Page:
Hard money on the other hand – the "sound money" beloved of pre-War bondholders awaiting repayment in gold – leaves too much freedom, too much discretion, to private individuals. Safe from an inevitable loss of value in cash, both savers and investors – as well as potential debtors – would be left to judge their decisions solely on the situation's own merits. And that just wouldn't do at all.

Got to keep things moving!

"The strong and prolonged deviation of money growth from its reference value since 2001 has caused concern among policymakers about the upside risks to price stability stemming from monetary developments," wrote three Banca d'Italia analysts in a research paper of May 2007.

In short, the Eurozone's money-growth target – the acceptable rate of money inflation (well, acceptable to central bankers at least) – had been informally set at 4.5% per year. Yet through the first decade of the single currency, however, annual money-supply growth doubled that rate and more.

Here in London, chief central-bank pooh-bah Mervyn King also started murmuring about the boom in credit and lending – then hitting a three-decade peak near 20% per year.

Surely consumer-price inflation would follow like ice cream follows pizza...?

"Those risks might be smaller than previously assumed," suggested Ferrero, Nobili and Passiglia. "Current excess liquidity conditions are related, to a considerable extent, to the acceleration of non-bank financial intermediaries' money demand, as well as to the accumulation of marketable instruments. Such increases are likely to be related more to portfolio choices than to transaction motives."

This was barely three months before the banking crisis began, you'll note, and the Trouble with Cheap Money was bound to show up eventually. Consumer-price inflation was about to surge as well, breaking to decade-highs across the West as crude oil leapt, dragging base metals and foodstuffs with it. But "portfolio choices", or so we guess here at BullionVault, were helping soak up the money inflation that would have otherwise shown up in "price stability" (or rather the lack thereof). This substitution brought its own crash-and-burn in the end, of course. But not before it lulled central bankers into thinking there was hardly any mischief afoot at all.

"Beginning in the 1980s, the cult of the markets – which included the development of financial derivatives and the increasing use of leverage – began to dominate," writes Bill Gross, the dominant 'bond king' at Pimco, the world's largest fixed-income manager.

"A long history marred only by negative givebacks during recessions...produced a persistent increase in asset prices vs. nominal GDP that led to an average overall 50-year appreciation advantage of 1.3% annually...[and so] the return from all assets was 100% higher than what it theoretically should have been from 1956.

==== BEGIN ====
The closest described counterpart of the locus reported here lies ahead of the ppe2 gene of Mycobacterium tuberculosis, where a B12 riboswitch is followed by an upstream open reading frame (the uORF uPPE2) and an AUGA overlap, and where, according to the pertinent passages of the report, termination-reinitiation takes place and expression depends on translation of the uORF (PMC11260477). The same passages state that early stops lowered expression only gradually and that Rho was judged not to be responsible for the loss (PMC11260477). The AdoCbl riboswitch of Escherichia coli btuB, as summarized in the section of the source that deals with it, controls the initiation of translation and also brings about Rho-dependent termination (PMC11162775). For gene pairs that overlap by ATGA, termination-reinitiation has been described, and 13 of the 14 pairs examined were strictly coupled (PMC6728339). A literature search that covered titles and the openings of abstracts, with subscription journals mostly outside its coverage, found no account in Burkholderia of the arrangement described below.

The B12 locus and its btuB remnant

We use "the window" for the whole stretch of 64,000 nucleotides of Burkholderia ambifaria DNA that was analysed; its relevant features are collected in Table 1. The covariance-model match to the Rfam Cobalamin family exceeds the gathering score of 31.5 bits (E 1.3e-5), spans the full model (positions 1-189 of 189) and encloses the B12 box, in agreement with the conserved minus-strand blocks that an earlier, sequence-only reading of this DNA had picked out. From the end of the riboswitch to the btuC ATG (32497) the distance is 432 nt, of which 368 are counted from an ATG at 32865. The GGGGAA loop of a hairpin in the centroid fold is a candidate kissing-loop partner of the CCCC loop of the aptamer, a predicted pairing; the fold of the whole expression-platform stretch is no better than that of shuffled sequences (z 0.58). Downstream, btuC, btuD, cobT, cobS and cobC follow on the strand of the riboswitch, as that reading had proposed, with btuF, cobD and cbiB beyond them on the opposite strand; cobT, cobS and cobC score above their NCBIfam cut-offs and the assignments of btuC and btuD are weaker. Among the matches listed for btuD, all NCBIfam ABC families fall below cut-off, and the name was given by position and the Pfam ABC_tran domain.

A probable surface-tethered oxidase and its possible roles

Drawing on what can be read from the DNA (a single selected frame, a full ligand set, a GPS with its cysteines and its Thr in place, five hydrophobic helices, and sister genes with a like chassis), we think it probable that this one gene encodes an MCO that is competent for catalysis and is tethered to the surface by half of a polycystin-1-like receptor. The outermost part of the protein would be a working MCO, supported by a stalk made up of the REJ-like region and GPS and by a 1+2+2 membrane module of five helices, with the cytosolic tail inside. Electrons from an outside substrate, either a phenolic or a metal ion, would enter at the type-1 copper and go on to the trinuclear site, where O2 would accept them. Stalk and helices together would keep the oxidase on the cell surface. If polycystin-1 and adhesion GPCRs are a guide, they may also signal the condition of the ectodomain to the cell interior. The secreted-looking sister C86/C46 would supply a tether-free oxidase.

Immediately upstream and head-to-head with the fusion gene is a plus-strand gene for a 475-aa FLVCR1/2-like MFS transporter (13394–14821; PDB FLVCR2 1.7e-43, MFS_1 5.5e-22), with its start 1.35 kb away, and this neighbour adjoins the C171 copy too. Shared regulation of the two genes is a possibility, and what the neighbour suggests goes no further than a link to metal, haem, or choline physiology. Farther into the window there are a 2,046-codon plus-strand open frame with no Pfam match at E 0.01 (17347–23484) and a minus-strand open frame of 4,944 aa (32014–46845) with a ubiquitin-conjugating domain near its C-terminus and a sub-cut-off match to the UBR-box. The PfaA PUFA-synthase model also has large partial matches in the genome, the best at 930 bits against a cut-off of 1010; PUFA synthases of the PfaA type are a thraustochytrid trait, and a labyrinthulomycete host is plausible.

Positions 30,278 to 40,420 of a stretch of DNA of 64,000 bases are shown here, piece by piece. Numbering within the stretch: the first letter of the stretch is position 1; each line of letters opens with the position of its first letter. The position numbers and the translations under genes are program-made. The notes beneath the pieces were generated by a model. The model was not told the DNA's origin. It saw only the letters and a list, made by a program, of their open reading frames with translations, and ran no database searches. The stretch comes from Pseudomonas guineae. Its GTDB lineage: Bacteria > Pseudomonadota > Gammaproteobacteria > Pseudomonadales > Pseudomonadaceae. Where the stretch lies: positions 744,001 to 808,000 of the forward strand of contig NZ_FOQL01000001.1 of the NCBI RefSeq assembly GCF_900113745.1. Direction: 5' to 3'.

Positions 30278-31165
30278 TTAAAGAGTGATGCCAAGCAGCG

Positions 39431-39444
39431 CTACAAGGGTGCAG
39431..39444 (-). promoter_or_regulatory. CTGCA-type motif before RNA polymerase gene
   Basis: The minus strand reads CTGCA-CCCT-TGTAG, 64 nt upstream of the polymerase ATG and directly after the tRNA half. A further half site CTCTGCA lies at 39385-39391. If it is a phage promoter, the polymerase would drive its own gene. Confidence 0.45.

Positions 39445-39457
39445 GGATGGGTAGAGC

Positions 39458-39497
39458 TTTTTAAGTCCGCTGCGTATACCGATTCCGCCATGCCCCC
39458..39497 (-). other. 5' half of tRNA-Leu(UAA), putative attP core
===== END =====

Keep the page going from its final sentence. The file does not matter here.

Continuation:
"Financial leverage drove the prices of stocks, bonds, homes, and shopping malls to extraordinary valuation levels," says Gross. And we all know to our cost what happened next.

To repeat: The 1980s' deregulation and democratization of speculative risk meant money-supply growth didn't show up in consumer prices. Credit and debt meant the "feelgood factor" still applied, but unlike the wage-hikes of the '60s and '70s, the resulting inflation was frozen in bricks, mortar, brokerage accounts and pension funds. Nor did the big win go to the speculators either, not now the casino was so crowded, only the croupiers were sure to come out ahead. Which is just what they did.

Now the world's great brains want to see real interest rates sink further, back to sub-zero levels last seen during the late 1970s. Creating inflation in money is one thing, however; containing it in speculative card-shuffling quite another. The last three decades of financial rent-seeking are attempting to make a comeback this fall. But we wouldn't bet against inflation showing up in the cost of living as well if not instead.

By Adrian Ash
BullionVault.com

Gold price chart, no delay | Free Report: 5 Myths of the Gold Market
City correspondent for The Daily Reckoning in London and a regular contributor to MoneyWeek magazine, Adrian Ash is the editor of Gold News and head of research at www.BullionVault.com , giving you direct access to investment gold, vaulted in Zurich , on $3 spreads and 0.8% dealing fees.

(c) BullionVault 2009

Please Note: This article is to inform your thinking, not lead it. Only you can decide the best place for your money, and any decision you make will put your money at risk. Information or data included here may have already been overtaken by events – and must be verified elsewhere – should you choose to act on it.

Adrian Ash Archive

© 2005-2019 http://www.MarketOracle.co.uk - The Market Oracle is a FREE Daily Financial Markets Analysis & Forecasting online publication.


Post Comment

Only logged in users are allowed to post comments. Register/ Log in

6 Critical Money Making Rules